As a Recruit
Although he never played the sport before his sophomore year, Jalen Camp played his high school football at South Forsyth High School in (the world-famous) Cumming, GA -- about 35 minutes north of Georgia Tech. He originally committed to play at Liberty over the summer before his senior year, before receiving an offer from the Yellow Jackets in early December and flipping his commitment two days later. Though Camp had no other reported offers from FBS schools, there was reported interest from georgia, Cincinnati, Indiana, Penn State, Wake Forest, and others. He stands at 6'2", and weighs in around 210 pounds. Camp is rated a two-star recruit by Rivals (5.2) and by 247Sports (.7915 -- up from .7667 when he committed in December).
Simply looking at Camp's modest offer sheet and ratings on the recruiting sites make him look like a prospect without much reason for hype. In reality, he may be the single most underrated player in Georgia Tech's 2016 signing class. At his height and weight, Camp is able to bench press over 350 pounds, and can power clean 330 pounds (the latter of which was the best of any player on his high school team). From a pure strength and physicality standpoint, Camp has the makings of a truly tough wide receiver at the college level. It doesn't stop there though. Camp's high school coach, who has previously coached All-Americans Jay Rome and Malcolm Mitchell in high school, said that Camp is "their equal", and probably the "best secret in the state" this year.
The billing given to Camp by his high school coach is awfully high (especially compared to Camp's ratings), but it comes from someone who's very familiar with coaching top-level talent. It's hard to think that there's not something to what he's saying.
A look at Camp's highlights helps to better display what his coach was referring to. Here are the major takeaways I got from watching them:
- The first thing that jumped off of the screen at me was how consistently Camp catches the ball with his hands instead of using his arms. That's a great sign, as catching with the arms instead of the hands is a common cause for drops.
- Camp's physicality really shines through with his play on defense, but also in that he's not afraid of contact on offense. Particularly in Georgia Tech's offense, where blocking is a frequent requirement of the wide receivers, physicality on the perimeter can go a long way (as it did with the likes of Demaryius Thomas and DeAndre Smelter).
- It feels as though Camp has a bit of a deceptive level of speed. Most plays, he appears to have very average speed with no threat of really blowing the top off of a defense. However, there are other plays where he seems to really hit his top speed when running after the catch. It's unclear as to why he would only be running at 60-70% speed through his routes, but speed may not be as much of an issue with Camp as some of his highlights would seem to indicate.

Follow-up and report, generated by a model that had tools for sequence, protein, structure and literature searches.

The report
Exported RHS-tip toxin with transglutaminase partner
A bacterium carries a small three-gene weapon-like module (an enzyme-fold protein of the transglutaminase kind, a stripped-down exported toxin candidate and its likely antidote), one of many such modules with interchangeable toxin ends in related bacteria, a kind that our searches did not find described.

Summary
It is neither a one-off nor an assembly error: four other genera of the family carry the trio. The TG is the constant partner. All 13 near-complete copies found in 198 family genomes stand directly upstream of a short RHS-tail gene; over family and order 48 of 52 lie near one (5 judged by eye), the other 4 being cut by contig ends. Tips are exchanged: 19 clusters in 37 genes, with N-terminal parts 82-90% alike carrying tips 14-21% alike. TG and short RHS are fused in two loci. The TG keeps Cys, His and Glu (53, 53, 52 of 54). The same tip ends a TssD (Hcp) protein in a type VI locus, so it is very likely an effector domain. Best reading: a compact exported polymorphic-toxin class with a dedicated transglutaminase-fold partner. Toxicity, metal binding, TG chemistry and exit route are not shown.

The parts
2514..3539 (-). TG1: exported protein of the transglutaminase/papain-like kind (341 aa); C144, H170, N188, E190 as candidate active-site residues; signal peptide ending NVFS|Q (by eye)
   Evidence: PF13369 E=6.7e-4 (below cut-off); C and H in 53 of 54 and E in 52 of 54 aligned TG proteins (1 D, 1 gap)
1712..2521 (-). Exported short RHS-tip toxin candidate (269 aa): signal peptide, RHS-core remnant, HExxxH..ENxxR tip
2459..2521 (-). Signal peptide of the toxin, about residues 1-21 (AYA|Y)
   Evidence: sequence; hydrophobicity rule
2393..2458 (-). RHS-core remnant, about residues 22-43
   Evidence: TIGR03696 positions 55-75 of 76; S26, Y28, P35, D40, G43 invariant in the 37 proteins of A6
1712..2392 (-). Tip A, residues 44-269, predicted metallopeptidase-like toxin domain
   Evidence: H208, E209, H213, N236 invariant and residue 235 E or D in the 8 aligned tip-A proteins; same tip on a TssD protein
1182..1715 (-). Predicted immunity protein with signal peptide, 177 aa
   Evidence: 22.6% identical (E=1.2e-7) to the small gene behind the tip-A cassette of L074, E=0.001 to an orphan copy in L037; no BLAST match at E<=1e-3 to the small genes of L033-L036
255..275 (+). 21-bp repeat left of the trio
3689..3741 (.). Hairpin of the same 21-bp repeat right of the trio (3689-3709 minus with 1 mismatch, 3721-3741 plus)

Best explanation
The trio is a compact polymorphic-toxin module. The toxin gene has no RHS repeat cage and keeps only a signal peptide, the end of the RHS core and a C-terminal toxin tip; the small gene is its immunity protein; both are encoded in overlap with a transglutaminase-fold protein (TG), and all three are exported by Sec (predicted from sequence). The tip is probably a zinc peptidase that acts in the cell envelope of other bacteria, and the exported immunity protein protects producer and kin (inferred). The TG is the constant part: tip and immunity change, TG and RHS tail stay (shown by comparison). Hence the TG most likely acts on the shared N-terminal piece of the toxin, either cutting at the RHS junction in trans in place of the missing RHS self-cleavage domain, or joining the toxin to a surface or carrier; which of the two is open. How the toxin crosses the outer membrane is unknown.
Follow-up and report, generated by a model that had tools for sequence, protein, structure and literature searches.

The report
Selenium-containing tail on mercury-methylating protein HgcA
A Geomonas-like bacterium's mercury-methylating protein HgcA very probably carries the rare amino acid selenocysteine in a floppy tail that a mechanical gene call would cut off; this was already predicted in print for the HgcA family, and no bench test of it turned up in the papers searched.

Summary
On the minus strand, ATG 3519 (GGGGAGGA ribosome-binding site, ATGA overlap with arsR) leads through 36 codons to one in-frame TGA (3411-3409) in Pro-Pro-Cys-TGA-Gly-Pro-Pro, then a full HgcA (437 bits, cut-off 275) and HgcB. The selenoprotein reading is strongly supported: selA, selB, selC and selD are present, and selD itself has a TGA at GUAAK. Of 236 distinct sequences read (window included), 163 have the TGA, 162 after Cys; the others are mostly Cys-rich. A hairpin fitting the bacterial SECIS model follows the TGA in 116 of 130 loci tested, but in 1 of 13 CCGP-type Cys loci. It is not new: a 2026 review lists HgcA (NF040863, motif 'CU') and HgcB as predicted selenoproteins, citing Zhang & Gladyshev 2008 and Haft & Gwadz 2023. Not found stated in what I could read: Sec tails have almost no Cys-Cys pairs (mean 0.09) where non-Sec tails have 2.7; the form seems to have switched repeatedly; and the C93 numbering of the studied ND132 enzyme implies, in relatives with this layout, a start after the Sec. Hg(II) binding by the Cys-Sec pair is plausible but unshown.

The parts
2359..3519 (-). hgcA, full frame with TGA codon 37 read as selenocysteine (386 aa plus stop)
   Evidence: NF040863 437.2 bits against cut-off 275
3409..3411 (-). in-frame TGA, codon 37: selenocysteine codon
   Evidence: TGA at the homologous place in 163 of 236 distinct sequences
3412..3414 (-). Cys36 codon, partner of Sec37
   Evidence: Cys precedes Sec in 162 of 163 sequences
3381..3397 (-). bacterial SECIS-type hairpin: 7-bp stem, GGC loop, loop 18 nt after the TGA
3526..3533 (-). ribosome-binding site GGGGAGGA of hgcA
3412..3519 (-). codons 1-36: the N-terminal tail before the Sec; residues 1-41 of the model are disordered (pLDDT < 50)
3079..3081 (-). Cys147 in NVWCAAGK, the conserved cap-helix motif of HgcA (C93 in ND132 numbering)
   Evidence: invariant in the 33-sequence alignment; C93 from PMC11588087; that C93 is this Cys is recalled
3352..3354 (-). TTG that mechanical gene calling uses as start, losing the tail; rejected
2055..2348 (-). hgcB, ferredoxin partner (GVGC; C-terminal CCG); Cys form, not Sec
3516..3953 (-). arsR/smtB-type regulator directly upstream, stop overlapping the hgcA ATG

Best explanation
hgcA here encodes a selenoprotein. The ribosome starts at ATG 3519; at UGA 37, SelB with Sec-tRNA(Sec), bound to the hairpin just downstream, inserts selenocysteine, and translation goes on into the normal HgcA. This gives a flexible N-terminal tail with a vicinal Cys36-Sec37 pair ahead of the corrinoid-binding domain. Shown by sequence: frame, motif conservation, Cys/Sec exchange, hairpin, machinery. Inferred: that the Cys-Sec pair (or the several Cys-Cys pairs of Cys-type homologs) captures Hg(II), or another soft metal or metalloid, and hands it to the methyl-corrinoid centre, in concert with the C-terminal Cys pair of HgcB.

- In one-on-one, jump ball situations down the field, Camp does a nice job of using his physicality and high-pointing the ball to make catches -- especially handy for a player who only measures in at 6'2". He'll need to improve his body control and positioning on those throws, but he's got a strong propensity for making those plays.
- Although it's the skill that I consider to be the most overrated of any when it comes to evaluating prospects (at any position), Camp's route-running ability shows a lot of room for improvement. As mentioned above, it includes things like consistently running full-speed and making sharper cuts. Again, he's only been playing football for three years now, so there's plenty of room for polishing some of those abilities -- but it's something that needs to improve before he can be effective at the Power-5 level.
Although Camp has room for improvement, his hands and physicality are clearly the basis for why Georgia Tech's coaches became so interested in having him on the Flats. With another year or two of experience under his belt, Camp could become a major weapon for the Yellow Jackets.
What to Expect
As one of three wide receivers in his signing class and with five other receivers in line for the battle for playing time in 2016, you should expect that Camp will redshirt his first year (especially with his still-limited level of experience playing football). That said, with an injury or two, it's not unthinkable that Camp could push for a little bit of playing time -- especially with his blocking abilities. There's also a chance that you see him regularly in the rotation by the 2017 season, and competing for a starting role in 2018. While Camp needs some more development in certain areas of his game, it's hard to ignore his natural abilities and how well he fits Georgia Tech's offensive scheme and how it uses wide receivers.
While the comparison probably comes with some very unfair expectations, I can't get away from how much his highlights remind me of watching Demaryius Thomas and DeAndre Smelter. All three players are basically the same size frame-wise, they're all very strong, physical players on the perimeter who make things very tough on cornerbacks, and they all do a great job of catching with their hands and high-pointing the ball whenever possible. That's not to say that Camp should be expected to be the same player as those two were, but is more to say that his potential is similar, particularly when it comes to his style of play. Camp appears setup to be a great fit in Georgia Tech's offense, and the sky is the limit for what he can accomplish on the Flats.